Ruth Reichl, Editor-in-Chief of Gourmet magazine which is no longer being published as of November 2009, has an entertaining history with food. While she had no formal culinary training, she has cooked since she was a small child. This is the story of her life with food and her no holds barred personal life, including dealing with a manic-depressive mother who was known as the Queen of Mold.
Here's a little excerpt from the first chapter:
"Oh, it's just a little mold," I can remember her saying on the many occasions she scraped the fuzzy blue stuff off some concoction before serving what was left for dinner. She had an iron stomach and was incapable of understanding that other people did not.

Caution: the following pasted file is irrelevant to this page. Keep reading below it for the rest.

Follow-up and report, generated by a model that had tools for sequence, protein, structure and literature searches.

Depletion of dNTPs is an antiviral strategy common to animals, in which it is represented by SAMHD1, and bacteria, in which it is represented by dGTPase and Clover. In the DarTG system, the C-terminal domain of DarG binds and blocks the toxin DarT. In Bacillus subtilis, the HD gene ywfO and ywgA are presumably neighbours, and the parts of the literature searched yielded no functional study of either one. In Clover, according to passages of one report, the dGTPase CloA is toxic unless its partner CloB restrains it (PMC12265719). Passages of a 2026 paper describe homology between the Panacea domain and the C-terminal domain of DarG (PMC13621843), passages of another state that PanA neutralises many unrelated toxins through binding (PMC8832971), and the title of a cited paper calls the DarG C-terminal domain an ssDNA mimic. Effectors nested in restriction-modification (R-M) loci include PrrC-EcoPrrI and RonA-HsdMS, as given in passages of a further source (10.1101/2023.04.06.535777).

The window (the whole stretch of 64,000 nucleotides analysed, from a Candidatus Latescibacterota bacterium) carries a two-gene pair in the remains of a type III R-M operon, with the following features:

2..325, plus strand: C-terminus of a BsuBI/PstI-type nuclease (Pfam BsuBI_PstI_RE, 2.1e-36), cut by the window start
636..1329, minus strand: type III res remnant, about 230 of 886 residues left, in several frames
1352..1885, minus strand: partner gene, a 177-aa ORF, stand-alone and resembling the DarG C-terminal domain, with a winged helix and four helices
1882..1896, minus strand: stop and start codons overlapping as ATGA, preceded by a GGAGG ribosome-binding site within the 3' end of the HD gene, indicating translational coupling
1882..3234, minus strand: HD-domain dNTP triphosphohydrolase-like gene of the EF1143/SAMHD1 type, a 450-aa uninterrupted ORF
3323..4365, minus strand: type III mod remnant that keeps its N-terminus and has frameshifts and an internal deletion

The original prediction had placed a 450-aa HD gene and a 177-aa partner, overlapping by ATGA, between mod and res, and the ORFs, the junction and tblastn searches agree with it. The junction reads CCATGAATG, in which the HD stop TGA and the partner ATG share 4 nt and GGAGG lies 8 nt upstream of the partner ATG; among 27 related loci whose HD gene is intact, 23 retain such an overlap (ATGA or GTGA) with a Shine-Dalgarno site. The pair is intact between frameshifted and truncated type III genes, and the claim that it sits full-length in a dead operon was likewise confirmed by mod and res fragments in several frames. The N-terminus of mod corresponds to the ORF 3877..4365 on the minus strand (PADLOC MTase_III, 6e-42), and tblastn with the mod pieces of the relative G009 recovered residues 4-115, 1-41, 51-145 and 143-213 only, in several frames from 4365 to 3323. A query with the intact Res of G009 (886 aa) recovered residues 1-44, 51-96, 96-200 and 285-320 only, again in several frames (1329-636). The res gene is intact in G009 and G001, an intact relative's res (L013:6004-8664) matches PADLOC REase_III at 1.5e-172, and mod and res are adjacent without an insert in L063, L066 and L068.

This taught me many things. The first was that food could be dangerous, especially to those who loved it. I took this very seriously. My parents entertained a great deal, and before I was ten I had appointed myself guardian of the guests. My mission was to keep Mom from killing anybody who came to dinner.
She tells about learning to cook from her Aunt Birdie's maid, Hortense, as well as their own family's maid, Mrs. Peavey; being sent to boarding school in Montreal to learn French and getting an education from the local deli owners; spending time with a fellow student's millionaire family where she was introduced to gourmet food; traveling abroad with her college roommate; marrying and making ends meet -- then moving to California and living in a commune; being hired as a restaurant critic by a San Francisco magazine; going to France on a wine buying trip; even attending a party in honor of James Beard.
Ruth Reichl has written and edited a number of books and cookbooks over the years and I believe I'll read them all. "Tender at the Bone" includes recipes throughout the text as well.